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Step aside, IAB

Couldn't agree more with Randall Rothenberg ("Famed disasters: Hindenburg, Chicago Fire and banner ads," Viewpoint, AA, March 5) in his views about the Internet Advertising Bureau.

I think the single largest obstacle that the Web faces today is that, as a medium, it has not found its true voice. Every medium seems to have one form that is truly unique to it. TV has its 30-second spots, naturally, but think about other media: radio and live testimonials, newspapers and advertorials, magazines and inserts.

Banners on the Web don't add anything to the medium, the consumer or the brand. They are purely imitative of billboards and, for a lot of us, are a real nuisance. As a result, no one clicks on them.

What the medium needs is to find a voice that is unique to it. Something that is so compelling people will choose to pay attention. The breakthrough is not going to come from media. It will probably come either from the creative side or as a grass-roots movement from the users themselves.

What the IAB needs is basically to get out of the way, stop trying to standardize the world and let the medium find its true voice.

Marcelo Salup

Exec VP

International Media Director

FCB Worldwide, Miami

Someone dropped a copy of Randall Rothenberg's column "Famed disasters: Hindenburg, Chicago Fire and banner ads" on my desk this morning and I was compelled to offer a quick huzzah. I've been telling my clients who are insistent on purchasing banner packages that they are largely a waste of money. The only redeeming quality I've been able to find from banner ads is brand recognition. But branding on the Web is really only effective with companies that already have built strong brand recognition. This article is vindication. Thank you.

Jonathan Cohen

Advertising Consultant

Davis Advertising


Nascar not `blood sport'

Rest assured, what happened at the end of the 2001 Daytona 500 was the last thing I ever wanted to see. After the tears dried, like most race fans, I was compelled to re-examine my appreciation of the sport. Here's what I came up with:

If Dale Earnhardt's son, Dale Jr., can climb back into his race car and confront the demons head-on; if Michael Waltrip, who won the Daytona 500 in a car owned by Earnhardt, can strap himself into his rocket ship and once again show us how to fly; if Richard Childress, Earnhardt's car owner and one of his closest friends, can lead his team back into the fray; if those men and women can look in the mirror and remain convinced that the seemingly irrational and dangerous undertaking to which they have dedicated their lives is still worthy of their best efforts; then I remain convinced that what they are doing is courageous and magical, inclusive of the finest qualities that humans possess.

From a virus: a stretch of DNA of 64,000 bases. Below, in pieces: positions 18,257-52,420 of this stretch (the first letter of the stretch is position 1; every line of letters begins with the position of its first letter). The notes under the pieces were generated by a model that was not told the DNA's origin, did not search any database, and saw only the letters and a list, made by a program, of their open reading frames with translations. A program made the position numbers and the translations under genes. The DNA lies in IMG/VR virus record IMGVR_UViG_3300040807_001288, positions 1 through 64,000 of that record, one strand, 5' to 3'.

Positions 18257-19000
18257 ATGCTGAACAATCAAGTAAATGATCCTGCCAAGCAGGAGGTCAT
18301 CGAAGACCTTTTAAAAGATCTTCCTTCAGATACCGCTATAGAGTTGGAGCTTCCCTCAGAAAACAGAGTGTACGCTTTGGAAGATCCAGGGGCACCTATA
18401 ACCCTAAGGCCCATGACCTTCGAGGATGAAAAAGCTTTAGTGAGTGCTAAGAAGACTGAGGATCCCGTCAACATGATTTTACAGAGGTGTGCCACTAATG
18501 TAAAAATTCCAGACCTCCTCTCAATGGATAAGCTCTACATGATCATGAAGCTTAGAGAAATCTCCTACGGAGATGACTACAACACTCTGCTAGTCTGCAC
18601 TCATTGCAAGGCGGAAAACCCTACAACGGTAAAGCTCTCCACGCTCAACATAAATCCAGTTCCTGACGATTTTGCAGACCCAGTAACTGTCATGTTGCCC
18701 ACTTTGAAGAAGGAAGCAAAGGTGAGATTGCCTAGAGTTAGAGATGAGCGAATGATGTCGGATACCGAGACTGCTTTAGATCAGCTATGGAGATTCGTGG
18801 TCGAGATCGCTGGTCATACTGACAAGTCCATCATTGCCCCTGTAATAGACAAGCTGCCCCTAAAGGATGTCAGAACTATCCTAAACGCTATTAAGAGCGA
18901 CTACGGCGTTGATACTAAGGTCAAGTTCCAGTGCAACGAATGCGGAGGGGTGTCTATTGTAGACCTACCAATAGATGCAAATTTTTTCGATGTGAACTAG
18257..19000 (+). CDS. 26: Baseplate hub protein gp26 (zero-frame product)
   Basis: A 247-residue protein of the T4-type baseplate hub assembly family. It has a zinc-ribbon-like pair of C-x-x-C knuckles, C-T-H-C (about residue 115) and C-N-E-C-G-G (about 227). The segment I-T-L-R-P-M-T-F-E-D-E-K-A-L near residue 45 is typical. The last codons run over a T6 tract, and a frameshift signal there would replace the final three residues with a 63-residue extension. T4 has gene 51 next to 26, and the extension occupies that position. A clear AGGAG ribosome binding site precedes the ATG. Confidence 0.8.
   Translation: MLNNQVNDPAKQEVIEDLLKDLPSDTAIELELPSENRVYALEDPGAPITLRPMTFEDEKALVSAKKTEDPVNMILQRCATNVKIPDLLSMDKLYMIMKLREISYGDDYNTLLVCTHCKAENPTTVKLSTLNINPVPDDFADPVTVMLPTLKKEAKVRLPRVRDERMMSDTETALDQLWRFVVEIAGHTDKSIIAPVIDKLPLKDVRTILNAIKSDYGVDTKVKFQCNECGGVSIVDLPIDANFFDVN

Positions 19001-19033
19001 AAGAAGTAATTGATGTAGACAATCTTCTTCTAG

Publicly accusing millions of people of harboring a morbid, base enthusiasm for seeing human beings-our heroes, in many cases-injure themselves or perish in a violent accident, is thoughtless and disgusting.

Doug DeLoach

Atlanta, Ga.

I am a race fan and a technician frequently employed in commercial production. I do not go to races to see crashes. I go to see drivers try to outwit, outdrive and out run the competition. ... I was one of those 180,000 people at Daytona two weeks ago. I walked out of that facility with a feeling that I hope I never experience again. Not this weekend or ever.

Brian A. Pitts

Westford, Mass.

Dale Earnhardt was my son's idol and I greatly admired him. To say that we as fans were looking for a crash that ultimately killed him is cruel and downright mean spirited. All the marketing people and ad execs that are trying to get rich quick from the Nascar "phenomenon" should understand the audience they are trying to market to before making such outrageous remarks.

Kevin Burke

Wilmington, Mass.


* In "Ailing XFL offering ads on the cheap" (March 5, P. 6), TN Media Senior VP-National Broad-cast Larry Blasius was quoted as saying "It took the [Arena Football League] six years to build ratings." Mr. Blasius actually referred to the other "AFL," the American Foot-ball League of the 1960s.

* In "Rich media spicing up online buying choices" (Feb. 26, P.s-12), Droplets was incorrectly identified as an "online marketing company specializing in rich media." Droplets is an Internet software company. Software developers use its tools to create online applications, including customer relationship management and e-commerce.

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